We observed similar reductions in decision thresholds following L-dopa and Haloperidol administration, two very different dopaminergic agents. By increasing substrate availability, L-dopa is assumed to generally increase DA availability. In contrast, Haloperidol is a D2 receptor antagonist that likely exhibits dose-dependent effects on striatal DA release. Specifically, lower dosages are thought to predominantly affect presynaptic inhibitory autoreceptors27, thereby increasing DA release8,28,29,30,31,32,33. Along similar lines, other D2 antagonists potentiate striatal effects at lower dosages25, and attenuate them at higher dosages23. A Haloperidol dosage of 2 mg has been shown to substantially upregulate human striatal responses33. Notably, however, the dose-dependency of Haloperidol might additionally be region-dependent24, which further complicates the interpretation of the effects.

Our finding of reduced thresholds following pharmacological increases in DA also resonates with some findings in Parkinson’s Disease (PD). PD patients when tested ON vs. OFF their DA medication sometimes show increased speed but impaired accuracy78, and a reduced ability to suppress premature actions79, consistent with reduced decision thresholds. However, other studies did not find evidence for reduced decision thresholds in PD patients ON vs. OFF medication during perceptual decision-making80.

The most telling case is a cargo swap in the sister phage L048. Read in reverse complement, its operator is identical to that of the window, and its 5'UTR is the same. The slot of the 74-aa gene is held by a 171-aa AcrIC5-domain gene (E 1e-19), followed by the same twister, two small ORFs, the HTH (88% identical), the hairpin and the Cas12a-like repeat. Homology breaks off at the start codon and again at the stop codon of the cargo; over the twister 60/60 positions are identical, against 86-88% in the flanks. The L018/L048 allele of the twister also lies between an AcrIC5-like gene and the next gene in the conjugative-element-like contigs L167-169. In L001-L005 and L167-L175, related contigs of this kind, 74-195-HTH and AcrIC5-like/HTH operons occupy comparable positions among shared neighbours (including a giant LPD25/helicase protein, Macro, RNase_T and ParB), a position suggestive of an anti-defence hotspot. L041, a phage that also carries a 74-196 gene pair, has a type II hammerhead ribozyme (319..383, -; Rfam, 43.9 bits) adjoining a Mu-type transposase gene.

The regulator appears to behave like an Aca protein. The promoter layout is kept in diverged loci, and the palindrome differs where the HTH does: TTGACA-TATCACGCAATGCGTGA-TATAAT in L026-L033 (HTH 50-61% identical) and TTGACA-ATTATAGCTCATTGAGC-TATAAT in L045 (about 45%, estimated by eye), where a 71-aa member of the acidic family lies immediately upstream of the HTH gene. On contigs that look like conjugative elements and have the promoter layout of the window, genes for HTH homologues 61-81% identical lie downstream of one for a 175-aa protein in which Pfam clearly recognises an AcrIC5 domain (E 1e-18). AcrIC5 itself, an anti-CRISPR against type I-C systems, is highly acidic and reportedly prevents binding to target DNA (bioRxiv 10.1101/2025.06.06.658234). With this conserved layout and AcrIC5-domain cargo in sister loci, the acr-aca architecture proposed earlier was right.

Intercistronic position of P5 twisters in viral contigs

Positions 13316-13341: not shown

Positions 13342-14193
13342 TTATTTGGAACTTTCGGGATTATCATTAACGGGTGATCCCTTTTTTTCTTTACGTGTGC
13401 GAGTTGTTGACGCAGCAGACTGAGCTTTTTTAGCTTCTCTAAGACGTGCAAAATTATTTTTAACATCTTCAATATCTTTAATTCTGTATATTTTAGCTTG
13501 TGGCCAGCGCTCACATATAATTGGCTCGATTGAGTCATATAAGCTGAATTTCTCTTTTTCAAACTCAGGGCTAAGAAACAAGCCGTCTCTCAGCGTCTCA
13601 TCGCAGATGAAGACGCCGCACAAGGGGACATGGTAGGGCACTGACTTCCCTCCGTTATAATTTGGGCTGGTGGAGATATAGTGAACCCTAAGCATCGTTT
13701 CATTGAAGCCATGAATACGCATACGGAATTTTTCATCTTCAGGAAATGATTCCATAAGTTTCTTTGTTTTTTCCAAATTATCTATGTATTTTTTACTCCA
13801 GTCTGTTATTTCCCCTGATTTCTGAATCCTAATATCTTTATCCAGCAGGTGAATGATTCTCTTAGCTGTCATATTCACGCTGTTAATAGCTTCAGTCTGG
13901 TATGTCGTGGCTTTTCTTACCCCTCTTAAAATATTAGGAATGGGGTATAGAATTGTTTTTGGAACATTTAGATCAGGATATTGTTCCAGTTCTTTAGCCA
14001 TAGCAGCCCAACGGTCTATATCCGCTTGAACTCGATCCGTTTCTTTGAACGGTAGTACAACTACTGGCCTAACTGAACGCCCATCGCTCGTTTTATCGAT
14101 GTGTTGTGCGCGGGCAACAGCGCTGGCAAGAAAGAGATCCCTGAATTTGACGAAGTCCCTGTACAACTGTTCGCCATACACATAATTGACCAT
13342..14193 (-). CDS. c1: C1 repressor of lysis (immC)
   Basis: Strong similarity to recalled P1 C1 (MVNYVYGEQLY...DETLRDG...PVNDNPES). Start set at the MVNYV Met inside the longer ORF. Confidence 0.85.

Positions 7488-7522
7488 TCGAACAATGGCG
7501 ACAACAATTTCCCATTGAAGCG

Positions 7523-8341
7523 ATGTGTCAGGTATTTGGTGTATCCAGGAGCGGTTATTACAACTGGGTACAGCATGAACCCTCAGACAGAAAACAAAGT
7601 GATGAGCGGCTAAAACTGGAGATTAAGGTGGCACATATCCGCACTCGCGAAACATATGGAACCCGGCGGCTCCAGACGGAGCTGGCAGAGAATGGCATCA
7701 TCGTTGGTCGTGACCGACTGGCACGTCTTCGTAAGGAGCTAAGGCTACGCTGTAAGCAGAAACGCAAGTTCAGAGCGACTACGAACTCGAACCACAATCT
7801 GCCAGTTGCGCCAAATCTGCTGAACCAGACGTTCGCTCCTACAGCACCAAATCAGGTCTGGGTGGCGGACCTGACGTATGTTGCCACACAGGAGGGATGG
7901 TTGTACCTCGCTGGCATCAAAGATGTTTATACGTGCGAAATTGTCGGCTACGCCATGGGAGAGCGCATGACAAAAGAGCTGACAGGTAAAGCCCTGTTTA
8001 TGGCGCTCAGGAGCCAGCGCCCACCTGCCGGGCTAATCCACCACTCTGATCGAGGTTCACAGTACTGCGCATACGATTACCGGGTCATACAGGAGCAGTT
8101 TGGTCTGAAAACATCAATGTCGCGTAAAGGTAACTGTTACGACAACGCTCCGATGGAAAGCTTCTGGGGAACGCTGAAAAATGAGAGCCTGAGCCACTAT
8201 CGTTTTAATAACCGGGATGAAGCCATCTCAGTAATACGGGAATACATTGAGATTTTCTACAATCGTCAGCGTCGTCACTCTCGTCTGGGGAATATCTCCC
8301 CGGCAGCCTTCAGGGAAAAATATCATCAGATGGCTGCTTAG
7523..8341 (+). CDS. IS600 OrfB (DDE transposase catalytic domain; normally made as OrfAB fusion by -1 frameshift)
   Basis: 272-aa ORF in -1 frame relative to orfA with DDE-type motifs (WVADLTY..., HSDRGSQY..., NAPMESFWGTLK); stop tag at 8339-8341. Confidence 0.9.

This null-effect in perceptual decision-making in PD patients might also point to a more general pattern – the specific domain of the decision problem might determine the degree to which DA contributes to threshold adjustments. During perceptual decision-making, Bromocriptine, a DA agonist, did likewise not modulate decision thresholds56. As noted by the authors, this might also be due to dose-dependent presynaptic effects of Bromocriptine, which might have resulted in a net reduction in DA transmission56. But another possibility is that DA might specifically contribute to threshold adjustments in value-based decision settings54. This idea resonates with the role of dopamine in regulating response vigor34,35,36,37. In some of these accounts, DA is thought to signal whether increases in cognitive or physical effort (in some cases equivalent to increases in response rate) are worthwhile37,42,81,82. Adjustments in decision thresholds would constitute a simple computational mechanism to accomplish this. Reductions in decision thresholds during decision-making under high DA and increases in response vigor in effort-related tasks might thus both serve the same purpose of (potentially) increasing the reward rate. Such an account would predict that action selection in the context of high reward options (where the cues themselves likely elicit phasic DA release during the choice phase13) would likewise lead to a downregulation of decision thresholds. Notably, this is exactly what has been observed in recent work63,83.